Preview by: Jack Foley
EDWARD Burns describes his latest film, Confidence, as 'a contemporary
version of The Sting, a con movie with a bit of a wink to it'.
And if the buzz is to be believed from the recent Sundance Film
Festival, the description might not be a long way off.
Confidence follows the fortunes of Burns' con man, Jake Vig, who
manages to scam a few thousand dollars from a Mob kingpin without
realising the trouble it will lead to. The kingpin in question
(played by Dustin Hoffman), retliates by killing out a member
of Vig's crew and wants the money back, prompting Vig and his
crew to recover it by scamming the kingpin's nemesis, a high-powered
Thrown into the mix, to complicate matters still further, is a
tough-talking dame (played by Rachel Weisz) and a grudge-bearing
Federal agent (Andy Garcia), who will apparently stop at nothing
to exact his revenge.
Sound convoluted? You bet. But then most of the best heist movies
are, dealing with bluff and counter bluff on the way to their
(hopefully) entertaining finales.
Needless to say, however, much of the hype surrounding Confidence
has been generated by the talents of its heavyweight cast - although
the film remains strictly independent, in that it was made for
a mere $10 million and premiered at the Sundance Film Festival.
It has also been directed by James Foley, whose CV includes the
memorable Glengarry Glen Ross (which featured another strong ensemble)
and the less memorable, The Corrupter.
Another of the movie's stars, Paul Giammati (who was the talk
of the festival after his performances in this and American
Splendor), refers to Confidence as 'a con man movie that shows
the audience the mechanics of what con artists actually do'.
He adds, in an interview with Entertainment Weekly, that
'the idea is to give people an almost documentary feel for how
these guys pull of a scam'.
The film is based upon a first-time screenplay from Doug Jung
and, owing to its modest budget, had to be switched from its original
New York setting to LA.
But the toghest thing about producing the script, according to
Burns, is 'how much these characters lie to each other and everyone
else in the movie. We had to make sure that, at no point, did
the script ever lie to the audience'.
Heist movies have enjoyed something of a renaissance of late,
what with the ultra-stylish likes of Ocean's
11 and The Good Thief, as
well as the more gritty likes of Heist
(starring Gene Hackman). It remains to be seen whether Confidence
can emulate such past successes, particularly as it is being given
only a limited US cinema release by its distributor, Lions Gate
But we have every reason to feel confident as website, Movies.com,
took in a screening at Sundance and said that 'James Foley's Confidence,
twists and turns, stylish camerawork, and a fantastic ensemble
cast keep you guessing, never sure of who's doing what to whom,
where, or when'.
It concluded that it 'is to Foley's credit that the pace is fast
and the plot two steps ahead, always out of reach of the predictable'.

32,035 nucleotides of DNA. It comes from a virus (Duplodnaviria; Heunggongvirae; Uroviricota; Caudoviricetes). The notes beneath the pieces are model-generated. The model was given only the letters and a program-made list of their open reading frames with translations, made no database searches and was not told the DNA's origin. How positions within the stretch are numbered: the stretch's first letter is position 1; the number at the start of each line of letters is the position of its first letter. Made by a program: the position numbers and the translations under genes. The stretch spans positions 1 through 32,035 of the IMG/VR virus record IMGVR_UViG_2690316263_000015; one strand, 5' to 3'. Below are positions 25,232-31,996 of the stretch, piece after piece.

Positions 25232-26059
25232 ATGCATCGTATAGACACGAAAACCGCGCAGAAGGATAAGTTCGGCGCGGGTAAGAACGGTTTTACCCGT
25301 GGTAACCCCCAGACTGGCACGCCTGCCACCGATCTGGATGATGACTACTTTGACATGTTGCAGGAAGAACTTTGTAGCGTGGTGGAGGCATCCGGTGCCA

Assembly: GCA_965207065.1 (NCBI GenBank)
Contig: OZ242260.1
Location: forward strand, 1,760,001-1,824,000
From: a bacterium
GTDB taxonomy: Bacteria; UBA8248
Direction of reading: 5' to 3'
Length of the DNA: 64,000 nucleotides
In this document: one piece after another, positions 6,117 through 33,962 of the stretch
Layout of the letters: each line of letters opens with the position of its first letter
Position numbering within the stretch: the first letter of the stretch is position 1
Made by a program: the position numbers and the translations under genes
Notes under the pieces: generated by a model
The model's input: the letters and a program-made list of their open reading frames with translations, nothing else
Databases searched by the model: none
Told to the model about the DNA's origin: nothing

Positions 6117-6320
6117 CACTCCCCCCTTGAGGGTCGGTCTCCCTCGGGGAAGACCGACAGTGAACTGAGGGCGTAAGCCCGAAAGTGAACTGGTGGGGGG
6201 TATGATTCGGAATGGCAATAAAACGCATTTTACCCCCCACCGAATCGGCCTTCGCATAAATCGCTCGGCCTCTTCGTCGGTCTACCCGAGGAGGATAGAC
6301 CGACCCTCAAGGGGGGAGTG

THE critics appear to have been lining up to heap praise upon
Confidence, which seems to have scored highly with the majority
of those who saw it.
Leading the way, is EFilmCritic.com, which wrote that,
'seemingly inspired by Pulp
Fiction, The Sting and anything presented by the word processor
of David Mamet...yet still the flick entertains in its own right.
And wait till you see this CAST!'
Variety wrote that Confidence is 'a stylish, compelling
crime caper full of smoothly navigated plot twists', while Hollywood
Reporter stated that 'Doug Jung supplies a slick and clever
screenplay that maps out all the moves like a chess master teaching
a class, while veteran director James Foley casts the movie oh
More dismissive was Village Voice, which said that it 'lazily
assembles a batch of movie stars, turns them loose on a script
that reflects nothing so much as a committee interpretation of
every other caper flick, and lets them bounce off each other like
so many overpaid billiard balls'.
But Entertainment Weekly wrote that 'Confidence may be
mannered at times, but its shell-game plot is alive with organic
trickery'. It awarded it a B.
The Chicago Tribune wrote that 'Foley keeps the action
moving swiftly enough that you don't have time to enter analytical
mode', while Hollywood Report Card drooled, 'oh, this is
a good film. Fun, curious dialogue rolls across the tongues of
rich, likable characters, to create a strong, thumping pace that
LA Weekly was also impressed, stating that it was 'warm,
playful and inclusive of its audience', while TV Guide
advised viewers to, 'just sit back and enjoy the sharp performances
and stylish ambiance that are clearly this film's real reason
Less kind, however, was the New York Post, which felt
that it 'features all too much footage of the scowling Burns,
who has a narrower range than almost any actor working in Hollywood
these days', while the New York Times wrote that it is
'so infatuated with the idea of style at the expense of everything
else that it manages not to have any of its own'.
The Onion's A.V Club, meanwhile, felt that it 'knows all
the notes, but forgets the music'.
Worse still, was the Philadelphia Inquirer, which felt
just like the characters on-screen, all it wants
to do is take your money and run'.
Planet Sick-Boy, however, felt that Confidence was 'one of those
films that's perfectly entertaining while you're watching it but
don't realize how slight it actually is until you think about
it afterward', while E! Online concludes this round-up by awarding
it a B+ and noting that 'the colorful cast
keeps good time
with the efficient and snappy plot'.